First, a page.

The invention can be implemented in digital electronic circuitry, or in computer hardware, firmware, software, or in combinations of them. Apparatus of the invention can be implemented in a computer program product tangibly embodied in a machine-readable storage device for execution by a programmable processor; and method steps of the invention can be performed by a programmable processor executing a program of instructions to perform functions of the invention by operating on input data and generating output. The invention can be implemented advantageously in one or more computer programs that are executable on a programmable system including at least one programmable processor coupled to receive data and instructions from, and to transmit data and instructions to, a data storage system, at least one input device, and at least one output device. Each computer program can be implemented in a high-level procedural or object-oriented programming language, or in assembly or machine language if desired; and in any case, the language can be a compiled or interpreted language. Suitable processors include, by way of example, both general and special purpose microprocessors. Generally, a processor will receive instructions and data from a read-only memory and/or a random access memory. Generally, a computer will include one or more mass storage devices for storing data files; such devices include magnetic disks, such as internal hard disks and removable disks; magneto-optical disks; and optical disks. Storage devices suitable for tangibly embodying computer program instructions and data include all forms of non-volatile memory, including by way of example semiconductor memory devices, such as EPROM, EEPROM, and flash memory devices; magnetic disks such as internal hard disks and removable disks; magneto-optical disks; and CD-ROM disks. Any of the foregoing can be supplemented by, or incorporated in, ASICs (application-specific integrated circuits).
To provide for interaction with a user, the invention can be implemented on a computer system having a display device such as a monitor or LCD screen for displaying information to the user and a keyboard and a pointing device such as a mouse or a trackball by which the user can provide input to the computer system. The computer system can be programmed to provide a graphical user interface through which computer programs interact with users.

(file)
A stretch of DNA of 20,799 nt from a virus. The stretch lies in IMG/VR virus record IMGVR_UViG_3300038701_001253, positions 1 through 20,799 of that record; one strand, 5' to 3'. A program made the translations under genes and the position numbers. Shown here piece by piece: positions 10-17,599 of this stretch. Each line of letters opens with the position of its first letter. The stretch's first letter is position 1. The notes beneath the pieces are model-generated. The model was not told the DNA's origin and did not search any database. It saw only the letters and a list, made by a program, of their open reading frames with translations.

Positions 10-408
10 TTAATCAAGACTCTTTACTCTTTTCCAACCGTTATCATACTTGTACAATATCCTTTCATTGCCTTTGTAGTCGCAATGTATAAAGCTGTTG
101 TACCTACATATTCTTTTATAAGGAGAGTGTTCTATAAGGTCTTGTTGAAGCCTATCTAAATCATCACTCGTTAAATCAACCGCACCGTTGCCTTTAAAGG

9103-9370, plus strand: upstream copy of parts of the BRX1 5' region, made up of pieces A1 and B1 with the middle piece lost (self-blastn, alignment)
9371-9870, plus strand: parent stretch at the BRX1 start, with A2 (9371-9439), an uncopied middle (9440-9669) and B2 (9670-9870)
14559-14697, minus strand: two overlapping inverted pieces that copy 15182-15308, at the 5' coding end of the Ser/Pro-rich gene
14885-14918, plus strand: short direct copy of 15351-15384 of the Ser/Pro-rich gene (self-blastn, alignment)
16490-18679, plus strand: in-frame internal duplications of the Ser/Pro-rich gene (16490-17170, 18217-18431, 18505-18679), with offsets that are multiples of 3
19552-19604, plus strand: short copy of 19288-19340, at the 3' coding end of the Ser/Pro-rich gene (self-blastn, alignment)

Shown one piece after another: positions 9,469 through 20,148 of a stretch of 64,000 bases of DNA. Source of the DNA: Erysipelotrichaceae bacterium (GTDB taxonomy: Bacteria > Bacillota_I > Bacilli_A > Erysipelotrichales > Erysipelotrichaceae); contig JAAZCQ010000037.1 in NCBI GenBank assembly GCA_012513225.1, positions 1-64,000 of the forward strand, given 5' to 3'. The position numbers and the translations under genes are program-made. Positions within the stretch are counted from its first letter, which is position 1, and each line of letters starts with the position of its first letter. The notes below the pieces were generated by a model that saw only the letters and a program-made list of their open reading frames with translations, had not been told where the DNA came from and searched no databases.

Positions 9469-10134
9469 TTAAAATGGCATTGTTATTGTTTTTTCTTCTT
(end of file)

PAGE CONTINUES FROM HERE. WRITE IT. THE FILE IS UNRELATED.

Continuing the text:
A number of embodiments of the invention have been described. Nevertheless, it will be understood that various modifications may be made without departing from the spirit and scope of the invention. For example, a user can receive content and enablers in any order. There may be multiple content providers, of which some only generate enablers and others only generate content. An operation requested by a user or by content may not have access rights that are immediately granted, and can request that the user connects to a remote server to dynamically obtain the necessary application rights for that particular operation. The entity certifying the content providers to create application rights does not have to be the application provider, but can be a different entity that controls what different content providers are allowed to do. The selection of operations to be performed on received content does not have to be made directly by a user. Instead, the selection of operations can be directed by the computer software application or some sort of help or guidance system for the user, which takes the user proactively through the various steps that need to be performed. Application rights can be added to a document or other type of content on a sub-document level, for example, pages, or individual objects on the page. Additional public and private key pairs can be provided to users together with content to tailor application rights associated with the content. Application rights can be given dynamically to users in response to some user action or document state. For example, if a user receives a form, the user may originally have the rights to fill in blank spaces, and upon completion of all required blank spaces receive the rights to sign and submit the form. Accordingly, other embodiments are within the scope of the following claims.
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|U.S. Classification||726/33, 726/30, 705/51|
|International Classification||G06F21/00, H04L9/00, G06F17/21, G06F21/22, G06F9/44, G06F15/00, G06F17/30, G06F9/445, G06F1/00|
|Cooperative Classification||G06F21/629, G06F21/121|
|European Classification||G06F21/62C, G06F21/12A|
|Mar 6, 2007||AS||Assignment|
Owner name: ADOBE SYSTEMS INCORPORATED, CALIFORNIA
Free format text: ASSIGNMENT OF ASSIGNORS INTEREST;ASSIGNORS:ORTHLIEB, CARL W.;PRAVETZ, JAMES D.;ROSENBAUM, SARAH;REEL/FRAME:018970/0856;SIGNING DATES FROM 20020306 TO 20020307
Owner name: ADOBE SYSTEMS INCORPORATED, CALIFORNIA
Free format text: ASSIGNMENT OF ASSIGNORS INTEREST;ASSIGNORS:ORTHLIEB, CARL W.;PRAVETZ, JAMES D.;ROSENBAUM, SARAH;SIGNING DATES FROM 20020306 TO 20020307;REEL/FRAME:018970/0856
|May 31, 2011||CC||Certificate of correction|
|Aug 27, 2014||FPAY||Fee payment|
Year of fee payment: 4